All the Motorbikes I’ve Owned
I've been a biker for a long time...20 years this year, actually. While having one of my many email conversations recently, a reader asked me to write about the motorbikes I've owned over the years. I thought that was a great idea, so here they are...
Having sat down and worked it out, it seems I've owned 12 bikes over the years. That's actually more than I thought considering I had a break from riding for a few years.
Anyway, enough waffle, let's get into the list of motorbikes I've owned over the years.
Suzuki EN 125
The first bike I got was back in 2004, I was 19 years old and I couldn't really afford to run a car. My granddad was a biker back in the day, and he recommended I try getting a little bike. They're way cheaper to run than a car, and a lot more fun.
So I did my CBT (Compulsory Basic Training) which allowed me to ride a 125 with learner plates, and went out and bought myself this beast:
Unfortunately I don't have a picture of my actual bike, but this one is exactly the same. I've always had a thing for traditional looking bikes, and with blue being my favourite colour, I thought this was the coolest thing on God's green earth.
Around 6 months after buying the EN 125, I joined the Army and was based down in Dorset (an 8 hour ride from where I lived on my plucky 125). That didn't bother me though; I strapped my bags to the back and off I went. This was when I really fell in love with motorbikes.
After 18 months of riding the EN 125 around the country, I decided it was time for an upgrade. So I got my full motorbike license and, sticking with the blue Suzuki theme, I bought an SV650S.
Once again, I don't have a picture of my actual bike, but this is exactly the same as the one I had:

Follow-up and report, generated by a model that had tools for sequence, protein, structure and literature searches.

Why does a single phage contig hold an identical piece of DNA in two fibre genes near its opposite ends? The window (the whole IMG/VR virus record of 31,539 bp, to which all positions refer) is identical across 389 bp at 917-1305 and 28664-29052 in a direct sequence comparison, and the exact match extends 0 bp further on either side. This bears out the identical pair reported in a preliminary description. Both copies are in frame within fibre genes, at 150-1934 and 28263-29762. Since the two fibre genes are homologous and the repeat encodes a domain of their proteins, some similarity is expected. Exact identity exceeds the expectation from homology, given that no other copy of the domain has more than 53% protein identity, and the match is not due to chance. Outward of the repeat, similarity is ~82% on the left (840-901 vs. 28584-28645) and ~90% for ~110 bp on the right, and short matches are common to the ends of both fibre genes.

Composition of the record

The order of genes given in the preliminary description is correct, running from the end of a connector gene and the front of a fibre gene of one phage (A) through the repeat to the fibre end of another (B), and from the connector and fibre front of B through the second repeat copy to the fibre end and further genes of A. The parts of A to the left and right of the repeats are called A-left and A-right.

I'm not gonna lie, folks, I thought I was the dogs bollocks when I got this thing. I absolutely loved it. Even now, nearly 20 years later, I think it's a great looking bike.
Just like the little 125, I rode the SV the length and breadth of the UK. I used to regularly go away for the weekend on it, as I was young, single and had nothing holding me back. It was fantastic.
But then reality hit. I deployed to Iraq, then Afghanistan, and then I met the woman who would become my wife. So my priorities changed, the bike was sold and Kev the biker fell by the wayside for a few years.
That was until 2013 when I decided it was time to get back into bikes. Bikes are powerful, dangerous things though, so I decided to do a refresher course and bought myself the first brand new bike I ever owned.
Aprilia Shiver 750
I decided I wanted something a bit more exotic. The kinda bike you don't see on the road very often, and the Shiver ticked that box:
It would turn heads wherever I went, but it wasn't all rosey. You see, dear reader, this is also the time that I started getting into working on bikes, as well as just riding them.
It wasn't through choice though. The Aprilia wasn't exactly the most reliable bike in the world, and instead of going back to the garage every 5 minutes, I decided I'd learn the ropes and fix the thing myself. By this time, I had a car too, so it wasn't the end of the world if the bike was off the road for a week or two.
I ended up taking the Shiver on a 3-day tour of Northern Ireland with a good friend of mine. True to form, the Aprilia broke down, so we found ourselves dismantling it at the side of the road. Great memories.
After a couple of years of owning the Aprilia, I decided I wanted to get a second bike as a project to fix up. So I bought I tired old Kawasaki ZZR600 in - you guessed it - blue, and got to work fixing the old girl up.
After 6 months work, a lick of paint and many new parts, the ZZR was ready, and here's a picture of me and my friend Dave out on both the ZZR and my Aprilia, taking it for a shakedown run after the work was complete:
I'm happy to say the old girl did great and I kept her for a couple more years after this. Until I traded both the Aprilia and the ZZR in for my next bike.
Triumph Tiger 800 XRX
When I bought the Tiger, I wasn't actually in the market for an adventure bike. I went to test tide a different bike, the Street Triple, but took the Tiger out after not really liking the Street.
I immediately fell in love with it and bought it there and then.
As we recently learned, I ended up crashing the Tiger, so it ended up going to an early grave. But for the 18 months I owned it, my wife and I managed to put lots of miles on it, and had lots of fun.
Suzuki Bandit 600
Back to Suzuki, and of course, back to blue too. At the time I was working in Warrington, which is a nightmare to drive through, so I sold my car and bought a cheap second bike as a commuter.
I got the Bandit for a steal, as it was an absolute wreck. Little did I know it would end up being my second project bike, but after some elbow grease, it ended up being a lovely bike: